Snowflake supports windows functions. Think of windows functions as running over a subset of rows, except the results return every row. That’s different from the traditional SQL group by where there is one result for each group.
A windows function could be useful in examples such as:
- A running sum
- The average values over some number of previous rows
- A percentile ranking of each row among all rows.
The topic of window functions in Snowflake is large and complex. This tutorial serves as a brief overview and we will continue to develop additional tutorials.
(This article is part of our Snowflake Guide. Use the right-hand menu to navigate.)
Snowflake defines windows as a group of related rows. It is defined by the over() statement. The over() statement signals to Snowflake that you wish to use a windows function instead of the traditional SQL function, as some functions work in both contexts.
A windows frame is a windows subgroup. Windows frames require an order by statement since the rows must be in known order.
Windows frames can be cumulative or sliding, which are extensions of the order by statement. Cumulative means across the whole windows frame. Sliding means to add some offset, such as +- n rows.
A window can also have a partition statement. A partition is a group of rows, like the traditional group by statement.
Windows vs regular SQL
For example, if you grouped sales by product and you have 4 rows in a table you might have two rows in the result:
Regular SQL group by
select count(*) from sales group by product: 10 product A 20 product B
With the windows function, you still have the count across two groups but each of the 4 rows in the database is listed yet the sum is for the whole group, when you use the partition statement.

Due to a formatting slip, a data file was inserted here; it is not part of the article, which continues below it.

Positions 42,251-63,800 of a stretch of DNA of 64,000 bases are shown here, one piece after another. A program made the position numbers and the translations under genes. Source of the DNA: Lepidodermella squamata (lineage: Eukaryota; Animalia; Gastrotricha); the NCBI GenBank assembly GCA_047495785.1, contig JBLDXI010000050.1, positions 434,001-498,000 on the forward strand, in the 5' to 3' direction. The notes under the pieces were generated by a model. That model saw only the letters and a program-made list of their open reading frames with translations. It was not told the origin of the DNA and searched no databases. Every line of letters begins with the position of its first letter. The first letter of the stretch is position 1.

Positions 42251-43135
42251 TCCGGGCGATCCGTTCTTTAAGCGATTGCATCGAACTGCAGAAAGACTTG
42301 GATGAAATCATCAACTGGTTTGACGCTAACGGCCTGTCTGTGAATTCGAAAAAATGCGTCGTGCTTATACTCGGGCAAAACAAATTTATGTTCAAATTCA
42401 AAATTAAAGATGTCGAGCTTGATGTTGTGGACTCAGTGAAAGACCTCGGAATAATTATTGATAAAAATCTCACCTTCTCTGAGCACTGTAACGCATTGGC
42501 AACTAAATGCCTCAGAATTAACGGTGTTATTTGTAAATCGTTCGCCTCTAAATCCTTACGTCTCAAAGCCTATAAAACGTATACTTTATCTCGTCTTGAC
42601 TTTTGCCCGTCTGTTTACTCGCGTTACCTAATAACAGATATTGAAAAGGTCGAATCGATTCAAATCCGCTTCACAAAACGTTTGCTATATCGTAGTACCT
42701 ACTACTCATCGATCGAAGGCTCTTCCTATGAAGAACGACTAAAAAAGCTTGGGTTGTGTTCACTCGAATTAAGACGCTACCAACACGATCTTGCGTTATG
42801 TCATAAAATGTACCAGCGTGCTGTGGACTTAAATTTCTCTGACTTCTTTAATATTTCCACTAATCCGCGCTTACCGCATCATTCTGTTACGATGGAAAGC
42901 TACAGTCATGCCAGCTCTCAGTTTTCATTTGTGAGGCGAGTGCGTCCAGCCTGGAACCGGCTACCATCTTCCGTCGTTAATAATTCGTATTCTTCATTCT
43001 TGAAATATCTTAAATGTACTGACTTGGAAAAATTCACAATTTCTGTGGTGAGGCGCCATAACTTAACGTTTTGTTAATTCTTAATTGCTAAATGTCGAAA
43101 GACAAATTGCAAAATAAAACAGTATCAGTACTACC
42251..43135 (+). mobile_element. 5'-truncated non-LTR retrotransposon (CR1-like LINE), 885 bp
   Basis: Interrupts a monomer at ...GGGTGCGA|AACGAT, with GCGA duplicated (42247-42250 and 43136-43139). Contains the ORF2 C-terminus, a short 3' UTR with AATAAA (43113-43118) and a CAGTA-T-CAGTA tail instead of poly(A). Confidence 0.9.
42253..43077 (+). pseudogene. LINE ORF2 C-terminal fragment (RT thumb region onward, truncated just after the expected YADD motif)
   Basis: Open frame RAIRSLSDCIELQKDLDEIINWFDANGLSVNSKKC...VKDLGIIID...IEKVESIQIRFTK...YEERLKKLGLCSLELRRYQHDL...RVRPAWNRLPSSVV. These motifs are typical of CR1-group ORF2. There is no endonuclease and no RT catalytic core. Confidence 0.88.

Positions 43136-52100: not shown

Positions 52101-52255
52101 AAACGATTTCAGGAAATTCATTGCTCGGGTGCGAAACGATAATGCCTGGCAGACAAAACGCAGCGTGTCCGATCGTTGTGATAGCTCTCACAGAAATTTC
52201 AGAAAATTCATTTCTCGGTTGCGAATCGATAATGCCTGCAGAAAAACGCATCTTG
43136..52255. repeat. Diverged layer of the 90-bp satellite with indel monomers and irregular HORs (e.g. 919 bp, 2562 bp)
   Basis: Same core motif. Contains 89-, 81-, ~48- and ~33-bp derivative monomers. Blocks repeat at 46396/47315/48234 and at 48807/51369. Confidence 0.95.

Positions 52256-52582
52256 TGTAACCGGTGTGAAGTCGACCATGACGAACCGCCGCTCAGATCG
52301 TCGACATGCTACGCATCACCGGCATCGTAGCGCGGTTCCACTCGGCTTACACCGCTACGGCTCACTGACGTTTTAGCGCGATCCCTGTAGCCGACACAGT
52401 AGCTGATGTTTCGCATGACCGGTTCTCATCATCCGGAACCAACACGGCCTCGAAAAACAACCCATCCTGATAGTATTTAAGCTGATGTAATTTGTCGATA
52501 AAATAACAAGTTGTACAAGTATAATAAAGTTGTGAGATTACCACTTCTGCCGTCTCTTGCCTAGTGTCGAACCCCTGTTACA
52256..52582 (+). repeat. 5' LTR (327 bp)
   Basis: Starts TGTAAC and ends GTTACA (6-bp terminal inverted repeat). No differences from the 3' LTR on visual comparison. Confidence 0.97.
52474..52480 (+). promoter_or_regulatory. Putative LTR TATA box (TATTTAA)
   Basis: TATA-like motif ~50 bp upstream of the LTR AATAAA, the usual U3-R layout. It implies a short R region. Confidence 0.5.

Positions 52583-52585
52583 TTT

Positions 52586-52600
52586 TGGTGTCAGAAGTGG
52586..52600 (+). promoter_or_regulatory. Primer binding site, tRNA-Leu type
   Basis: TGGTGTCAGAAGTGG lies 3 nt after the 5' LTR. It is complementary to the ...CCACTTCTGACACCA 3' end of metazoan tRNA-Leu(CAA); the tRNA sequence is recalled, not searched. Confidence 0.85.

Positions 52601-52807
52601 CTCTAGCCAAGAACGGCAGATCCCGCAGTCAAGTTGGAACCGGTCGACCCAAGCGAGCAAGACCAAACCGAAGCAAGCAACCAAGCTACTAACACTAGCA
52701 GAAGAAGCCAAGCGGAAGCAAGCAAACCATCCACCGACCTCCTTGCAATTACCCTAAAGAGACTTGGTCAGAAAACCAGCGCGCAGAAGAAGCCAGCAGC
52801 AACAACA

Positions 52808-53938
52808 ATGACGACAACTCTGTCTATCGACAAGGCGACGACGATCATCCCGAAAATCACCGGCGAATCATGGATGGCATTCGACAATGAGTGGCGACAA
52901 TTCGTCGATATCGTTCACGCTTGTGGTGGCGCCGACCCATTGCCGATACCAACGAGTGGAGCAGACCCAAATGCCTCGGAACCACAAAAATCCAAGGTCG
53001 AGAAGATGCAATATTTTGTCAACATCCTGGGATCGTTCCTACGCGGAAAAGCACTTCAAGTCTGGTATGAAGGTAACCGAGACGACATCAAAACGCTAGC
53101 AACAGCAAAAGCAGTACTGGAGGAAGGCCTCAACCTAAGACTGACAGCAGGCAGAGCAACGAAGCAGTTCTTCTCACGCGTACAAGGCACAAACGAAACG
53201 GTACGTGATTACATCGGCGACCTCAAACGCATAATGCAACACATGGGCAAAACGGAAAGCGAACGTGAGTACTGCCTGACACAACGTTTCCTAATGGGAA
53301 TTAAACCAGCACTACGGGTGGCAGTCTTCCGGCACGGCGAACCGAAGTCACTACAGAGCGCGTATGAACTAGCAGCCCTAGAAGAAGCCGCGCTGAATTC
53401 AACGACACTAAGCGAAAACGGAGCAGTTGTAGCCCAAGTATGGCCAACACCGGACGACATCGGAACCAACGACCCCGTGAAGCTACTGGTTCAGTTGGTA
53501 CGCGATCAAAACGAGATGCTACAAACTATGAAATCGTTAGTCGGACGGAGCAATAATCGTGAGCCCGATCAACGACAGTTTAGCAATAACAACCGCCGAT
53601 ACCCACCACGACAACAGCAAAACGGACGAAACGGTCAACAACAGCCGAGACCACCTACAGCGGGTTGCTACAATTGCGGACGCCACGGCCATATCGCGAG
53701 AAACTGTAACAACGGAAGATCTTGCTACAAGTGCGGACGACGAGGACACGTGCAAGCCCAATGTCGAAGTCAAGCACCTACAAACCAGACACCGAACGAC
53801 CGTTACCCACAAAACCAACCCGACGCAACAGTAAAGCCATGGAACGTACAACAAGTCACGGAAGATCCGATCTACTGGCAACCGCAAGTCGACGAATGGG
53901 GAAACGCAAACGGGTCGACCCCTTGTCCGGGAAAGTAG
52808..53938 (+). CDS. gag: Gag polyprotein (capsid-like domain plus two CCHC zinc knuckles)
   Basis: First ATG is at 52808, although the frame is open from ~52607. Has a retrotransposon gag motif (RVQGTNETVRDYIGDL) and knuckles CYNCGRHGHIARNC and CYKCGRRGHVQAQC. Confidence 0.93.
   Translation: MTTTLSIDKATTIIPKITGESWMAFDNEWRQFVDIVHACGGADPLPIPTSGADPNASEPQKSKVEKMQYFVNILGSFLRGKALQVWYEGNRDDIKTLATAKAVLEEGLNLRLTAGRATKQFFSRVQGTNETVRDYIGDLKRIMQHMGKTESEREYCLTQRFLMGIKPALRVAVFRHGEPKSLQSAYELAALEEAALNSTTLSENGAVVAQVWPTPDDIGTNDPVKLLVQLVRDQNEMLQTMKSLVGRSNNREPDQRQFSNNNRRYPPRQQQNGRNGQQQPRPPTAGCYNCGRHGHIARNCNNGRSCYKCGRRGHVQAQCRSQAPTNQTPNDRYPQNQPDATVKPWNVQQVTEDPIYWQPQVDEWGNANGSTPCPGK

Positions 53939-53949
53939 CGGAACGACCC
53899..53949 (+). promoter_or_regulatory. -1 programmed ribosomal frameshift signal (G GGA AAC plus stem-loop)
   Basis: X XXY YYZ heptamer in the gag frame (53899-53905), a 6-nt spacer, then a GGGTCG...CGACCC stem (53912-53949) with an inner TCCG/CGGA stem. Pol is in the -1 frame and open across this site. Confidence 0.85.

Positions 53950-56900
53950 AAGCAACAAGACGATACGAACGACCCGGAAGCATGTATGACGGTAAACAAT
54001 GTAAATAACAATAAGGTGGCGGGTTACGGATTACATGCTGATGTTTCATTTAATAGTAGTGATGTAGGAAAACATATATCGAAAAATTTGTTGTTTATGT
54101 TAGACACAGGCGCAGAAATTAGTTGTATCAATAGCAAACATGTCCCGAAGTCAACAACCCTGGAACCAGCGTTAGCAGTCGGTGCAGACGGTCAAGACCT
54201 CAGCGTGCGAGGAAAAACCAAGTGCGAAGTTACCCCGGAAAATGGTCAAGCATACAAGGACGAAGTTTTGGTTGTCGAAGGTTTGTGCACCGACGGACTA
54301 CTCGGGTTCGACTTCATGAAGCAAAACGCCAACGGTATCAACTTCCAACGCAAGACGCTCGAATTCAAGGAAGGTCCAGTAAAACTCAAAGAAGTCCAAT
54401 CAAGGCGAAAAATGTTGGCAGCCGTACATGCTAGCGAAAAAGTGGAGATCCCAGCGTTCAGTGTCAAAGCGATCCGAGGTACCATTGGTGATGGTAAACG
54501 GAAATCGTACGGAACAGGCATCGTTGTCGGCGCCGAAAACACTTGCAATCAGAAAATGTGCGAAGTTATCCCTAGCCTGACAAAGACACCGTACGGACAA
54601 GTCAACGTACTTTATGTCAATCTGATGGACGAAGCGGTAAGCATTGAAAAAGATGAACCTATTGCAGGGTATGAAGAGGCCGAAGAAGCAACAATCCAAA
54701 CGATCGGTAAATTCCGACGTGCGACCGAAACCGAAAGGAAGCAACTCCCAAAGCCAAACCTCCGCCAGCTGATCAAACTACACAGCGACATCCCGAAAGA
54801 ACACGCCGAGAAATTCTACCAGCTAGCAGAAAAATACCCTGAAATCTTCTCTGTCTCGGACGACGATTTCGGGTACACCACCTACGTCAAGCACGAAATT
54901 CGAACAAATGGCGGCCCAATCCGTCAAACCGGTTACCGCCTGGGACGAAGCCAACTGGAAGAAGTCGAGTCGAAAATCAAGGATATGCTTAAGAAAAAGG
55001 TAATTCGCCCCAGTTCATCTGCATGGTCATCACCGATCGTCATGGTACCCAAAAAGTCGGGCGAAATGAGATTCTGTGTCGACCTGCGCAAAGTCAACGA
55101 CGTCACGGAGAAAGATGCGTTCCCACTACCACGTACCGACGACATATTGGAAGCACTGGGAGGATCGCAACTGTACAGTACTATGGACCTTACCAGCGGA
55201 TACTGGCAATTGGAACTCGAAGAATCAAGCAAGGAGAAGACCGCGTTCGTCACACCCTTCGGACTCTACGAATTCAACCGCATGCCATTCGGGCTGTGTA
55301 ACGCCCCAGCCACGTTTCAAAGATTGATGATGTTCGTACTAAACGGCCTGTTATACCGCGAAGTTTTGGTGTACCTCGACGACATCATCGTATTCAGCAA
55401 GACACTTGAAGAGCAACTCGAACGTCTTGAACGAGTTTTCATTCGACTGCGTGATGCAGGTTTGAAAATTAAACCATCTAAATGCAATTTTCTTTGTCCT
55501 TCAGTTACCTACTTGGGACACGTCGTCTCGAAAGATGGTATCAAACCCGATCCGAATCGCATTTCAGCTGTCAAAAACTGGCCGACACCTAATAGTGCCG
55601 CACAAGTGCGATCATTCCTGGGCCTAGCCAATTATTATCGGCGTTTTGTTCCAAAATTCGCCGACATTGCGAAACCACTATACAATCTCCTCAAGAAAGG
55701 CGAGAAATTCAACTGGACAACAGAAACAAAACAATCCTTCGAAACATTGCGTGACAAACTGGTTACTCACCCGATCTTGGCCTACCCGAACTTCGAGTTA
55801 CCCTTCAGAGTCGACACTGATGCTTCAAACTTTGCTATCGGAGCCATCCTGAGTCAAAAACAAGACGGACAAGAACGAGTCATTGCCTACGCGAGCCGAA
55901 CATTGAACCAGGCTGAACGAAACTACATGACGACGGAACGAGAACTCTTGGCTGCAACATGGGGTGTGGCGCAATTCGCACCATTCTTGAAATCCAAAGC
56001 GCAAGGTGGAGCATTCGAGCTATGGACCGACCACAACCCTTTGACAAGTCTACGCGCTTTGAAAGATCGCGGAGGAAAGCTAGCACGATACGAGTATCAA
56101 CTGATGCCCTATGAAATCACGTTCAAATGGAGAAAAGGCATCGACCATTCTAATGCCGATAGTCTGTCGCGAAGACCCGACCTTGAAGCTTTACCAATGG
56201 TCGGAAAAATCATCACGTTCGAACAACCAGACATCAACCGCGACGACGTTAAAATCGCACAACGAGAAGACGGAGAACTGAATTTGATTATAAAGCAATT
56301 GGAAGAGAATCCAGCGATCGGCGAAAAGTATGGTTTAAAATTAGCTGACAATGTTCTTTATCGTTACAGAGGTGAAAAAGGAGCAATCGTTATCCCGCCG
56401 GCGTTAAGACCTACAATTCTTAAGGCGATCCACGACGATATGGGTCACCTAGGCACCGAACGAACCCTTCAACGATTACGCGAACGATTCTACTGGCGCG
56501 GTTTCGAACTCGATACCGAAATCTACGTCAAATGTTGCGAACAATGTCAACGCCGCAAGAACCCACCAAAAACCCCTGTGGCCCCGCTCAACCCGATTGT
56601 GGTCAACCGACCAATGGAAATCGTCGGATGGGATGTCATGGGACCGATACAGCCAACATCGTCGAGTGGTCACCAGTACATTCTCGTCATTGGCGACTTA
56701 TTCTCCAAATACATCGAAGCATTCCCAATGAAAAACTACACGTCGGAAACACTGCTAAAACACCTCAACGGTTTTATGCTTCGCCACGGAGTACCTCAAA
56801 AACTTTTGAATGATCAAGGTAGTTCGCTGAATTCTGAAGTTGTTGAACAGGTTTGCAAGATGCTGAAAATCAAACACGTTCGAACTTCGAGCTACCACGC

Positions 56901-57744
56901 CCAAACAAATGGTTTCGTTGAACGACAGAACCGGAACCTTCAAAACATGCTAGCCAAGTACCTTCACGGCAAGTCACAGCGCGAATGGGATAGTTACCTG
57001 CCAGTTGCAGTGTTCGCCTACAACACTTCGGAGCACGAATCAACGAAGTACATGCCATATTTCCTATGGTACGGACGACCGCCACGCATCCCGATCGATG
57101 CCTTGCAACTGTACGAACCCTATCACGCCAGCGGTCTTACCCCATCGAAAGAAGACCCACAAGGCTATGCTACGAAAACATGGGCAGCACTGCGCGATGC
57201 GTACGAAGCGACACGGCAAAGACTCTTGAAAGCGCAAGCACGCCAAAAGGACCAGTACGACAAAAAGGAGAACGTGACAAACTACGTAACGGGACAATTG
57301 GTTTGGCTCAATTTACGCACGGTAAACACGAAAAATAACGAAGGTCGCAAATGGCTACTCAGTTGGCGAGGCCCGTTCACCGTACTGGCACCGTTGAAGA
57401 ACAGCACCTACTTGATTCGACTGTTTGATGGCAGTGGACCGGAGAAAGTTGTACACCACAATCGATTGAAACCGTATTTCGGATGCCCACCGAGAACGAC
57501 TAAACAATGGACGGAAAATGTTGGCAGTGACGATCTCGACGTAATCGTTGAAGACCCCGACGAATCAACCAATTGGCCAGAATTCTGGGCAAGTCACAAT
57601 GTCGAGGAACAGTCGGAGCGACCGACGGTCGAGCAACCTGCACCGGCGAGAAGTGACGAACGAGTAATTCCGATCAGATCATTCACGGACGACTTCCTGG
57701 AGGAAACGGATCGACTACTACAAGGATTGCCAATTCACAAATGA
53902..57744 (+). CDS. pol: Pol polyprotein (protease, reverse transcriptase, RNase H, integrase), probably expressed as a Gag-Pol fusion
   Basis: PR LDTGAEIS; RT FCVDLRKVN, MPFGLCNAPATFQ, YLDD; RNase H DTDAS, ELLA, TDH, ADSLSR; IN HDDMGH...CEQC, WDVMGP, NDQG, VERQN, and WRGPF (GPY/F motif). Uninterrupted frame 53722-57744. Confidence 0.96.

count 10 product A count 10 product A count 20 product B count 20 product B
Create some sample data
To study this, first create these two tables.
CREATE TABLE customers ( customernumber varchar(100) PRIMARY KEY, customername varchar(50), phonenumber varchar(50), postalcode varchar(50), locale varchar(10), datecreated date, email varchar(50) ); CREATE TABLE orders ( customernumber varchar(100) PRIMARY KEY, ordernumber varchar(100), comments varchar(200), orderdate date, ordertype varchar(10), shipdate date, discount number, quantity int, productnumber varchar(50) )
Then paste in this SQL data. The top of the data looks like this:
insert into customers (customernumber,customername,phonenumber,postalcode,locale,datecreated,email) values ('440','tiqthogsjwsedifisiir','3077854','vdew','','2020-09-27','firstname.lastname@example.org'); insert into orders (customernumber,ordernumber,comments,orderdate,ordertype,shipdate,discount,quantity,productnumber) values ('440','402','swgstdhmju','2020-09-27','sale','2020-10-01','0.7005950240358919','61','BB111'); insert into customers (customernumber,customername,phonenumber,postalcode,locale,datecreated,email) values ('802','hrdngzutwelfhgwcyznt','1606845','rnmk','','2020-09-27','email@example.com'); insert into orders (customernumber,ordernumber,comments,orderdate,ordertype,shipdate,discount,quantity,productnumber) values ('802','829','jybwzvoyzb','2020-09-27','sale','2020-10-06','0.3702248922841853','75','FF4444'); insert into customers (customernumber,customername,phonenumber,postalcode,locale,datecreated,email) values ('199','ogvaevvhhqtjcqggafnv','8452159','hyxm','','2020-09-27','firstname.lastname@example.org');
A partition creates subsets within a window. Here, we have the sum of quantity by product.
select customernumber, ordernumber, productnumber,quantity, sum(quantity) over (partition by productnumber) as prodqty from orders order by ordernumber
This produces the same results as this SQL statement in which the orders table is joined with itself:
select customernumber, ordernumber, productnumber,quantity, (select sum(quantity) from orders as o2 where o1.productnumber = o2.productnumber) as prodqty from orders as o1 order by ordernumber
The sum() function does not make sense for a windows function because it’s is for a group, not an ordered set. Yet Snowflake lets you use sum with a windows frame—i.e., a statement with an order() statement—thus yielding results that are difficult to interpret.
Let’s look at the rank function, one that is relevant to ordering. Here, we use a windows function to rank our most valued customers. These are the ones who have made the largest purchases.
The rank() function takes no arguments. The window is ordered by quantity in descending order. We limit the output to 10 so it fits on the page below.
select customernumber, quantity, rank() over (order by quantity desc) from orders limit 10
Here is the output. The customer who has purchases the most is listed first.
For more tutorials like this, explore these resources:
- BMC Machine Learning & Big Data Blog
- How To Import Amazon S3 Data to Snowflake
- Snowflake SQL Aggregate Functions & Table Joins
- AWS Guide, with 15 articles and tutorials
- Amazon Braket Quantum Computing: How To Get Started